Baby Chicks and Pecking Order Establishing

TheTwoRoos

Crowing
Sep 25, 2015
4,363
2,010
316
You will noticed them fly around then all of a sudden fly across the pen at each other,probably jumping around and pecking each others faces.The older they get the more violent the fights can get(It generally starts all fun and games until some one gets serious,lots of times pullets just play fight and whoever ends up being strongest usually ends up being boss,but this squally takes a few weeks to determine I have noticed),never have had any serious fights,but will say cockerels tend to be more prone to fight harder and actually cause blood shed,even as very young birds,I have also noticed roosters get more butt hurt or threatened much faster then a pullet,guess they have some major anger issues.
Usually the first few days your probably not gonna notice much fighting but a ton eating.By week one they should be flying /running from corner and corner and having a blast and probably fighting aback and fourth.
 

Keeperoflock

Songster
Mar 10, 2018
161
158
126
Central Indiana
You will noticed them fly around then all of a sudden fly across the pen at each other,probably jumping around and pecking each others faces.The older they get the more violent the fights can get(It generally starts all fun and games until some one gets serious,lots of times pullets just play fight and whoever ends up being strongest usually ends up being boss,but this squally takes a few weeks to determine I have noticed),never have had any serious fights,but will say cockerels tend to be more prone to fight harder and actually cause blood shed,even as very young birds,I have also noticed roosters get more butt hurt or threatened much faster then a pullet,guess they have some major anger issues.
Usually the first few days your probably not gonna notice much fighting but a ton eating.By week one they should be flying /running from corner and corner and having a blast and probably fighting aback and fourth.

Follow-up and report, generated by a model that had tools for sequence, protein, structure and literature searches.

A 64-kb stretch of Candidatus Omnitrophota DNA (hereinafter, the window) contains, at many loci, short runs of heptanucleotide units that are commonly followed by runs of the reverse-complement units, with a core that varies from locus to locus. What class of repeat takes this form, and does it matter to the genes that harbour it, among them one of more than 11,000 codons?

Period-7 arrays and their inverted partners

Flying across the brooder (especially when the others are eating) CHECK
Pecking at each others eyes (hate watching that) CHECK
Squawking and loud quarrelling CHECK

They are almost 2 weeks old now, so it does sound like this is what is happening.
 
Feb 23, 2018
129
122
136
They start it with playfull fight..just small starring fluffing but as they grow they start to be agressive to each other..according to me they have a proper pecking order in 2 weeks..u can see this while eating
 

meetthebubus

Crowing
Mar 28, 2017
2,060
5,122
417
You shouldn't intervene or worry, this is how they survive, their instincts. It's rare that anyone gets hurt, if a baby is hurt they could peck at the injury so only look out for that.
As far as space, as they grow space is helpful not only for pecking, but for food and they should have space to run, open their wings. My brooder is 8 ft long perfect for little feet that need to develop their running muscles! ;)
 

Chickassan

Wattle Fondler
May 23, 2017
15,570
78,135
1,327
Greenville S.C, formerly Noneya U.S.A
They start establishing who's boss as soon as they can see straight. I personally give chicks about a week and a half to two weeks before giving them a bigger brooder "dog playpen, they don't know they aren't dogs.:)" As for breaking them up unless it starts to get bloody just let them be. It helps to put a couple branches or a small box inside the brooder so the ones that have had enough can get some peace. ;)
 

TheTwoRoos

Crowing
Sep 25, 2015
4,363
2,010
316
I didn’t see an official pecking order Until maybe four months (Some it took over a year to establish it,but could just be the breed.I have noticed breeds who are usually more docile and laid back don’t bully as much as prone to be aggressive ones.
 

Arla

Chirping
Mar 15, 2018
40
65
89
New England
Hi,
I have another pecking order question. My friend has 4 full grown rescue chickens in which she got in the winter that are Rhode Island Reds and Rhode Island Red mixes. The one lowest on the pecking order started getting pecked so much near its rear in the same spot, that it started to scab and create a bald spot. Should they be overly concerned?
 

Keeperoflock

Songster
Mar 10, 2018
161
158
126
Central Indiana
Hi,
I have another pecking order question. My friend has 4 full grown rescue chickens in which she got in the winter that are Rhode Island Reds and Rhode Island Red mixes. The one lowest on the pecking order started getting pecked so much near its rear in the same spot, that it started to scab and create a bald spot. Should they be overly concerned?

Bare skin showing isn't good. Chickens are drawn to the color red as well as anything "different". They will most likely keep pecking until it bleeds then you have a bigger problem. I have used something called Blu-Kote, I think that's what it's called. It turns the skin and feathers blue and usually stops them from pecking. There are other products to use as well. I'm just familiar with the Blu-Kote. Sometimes you have to separate them even with that. I would tell them to watch them closely. But to definitely get a product that changes the color.
 

MANNA-PRO

New posts New threads Active threads

Top Bottom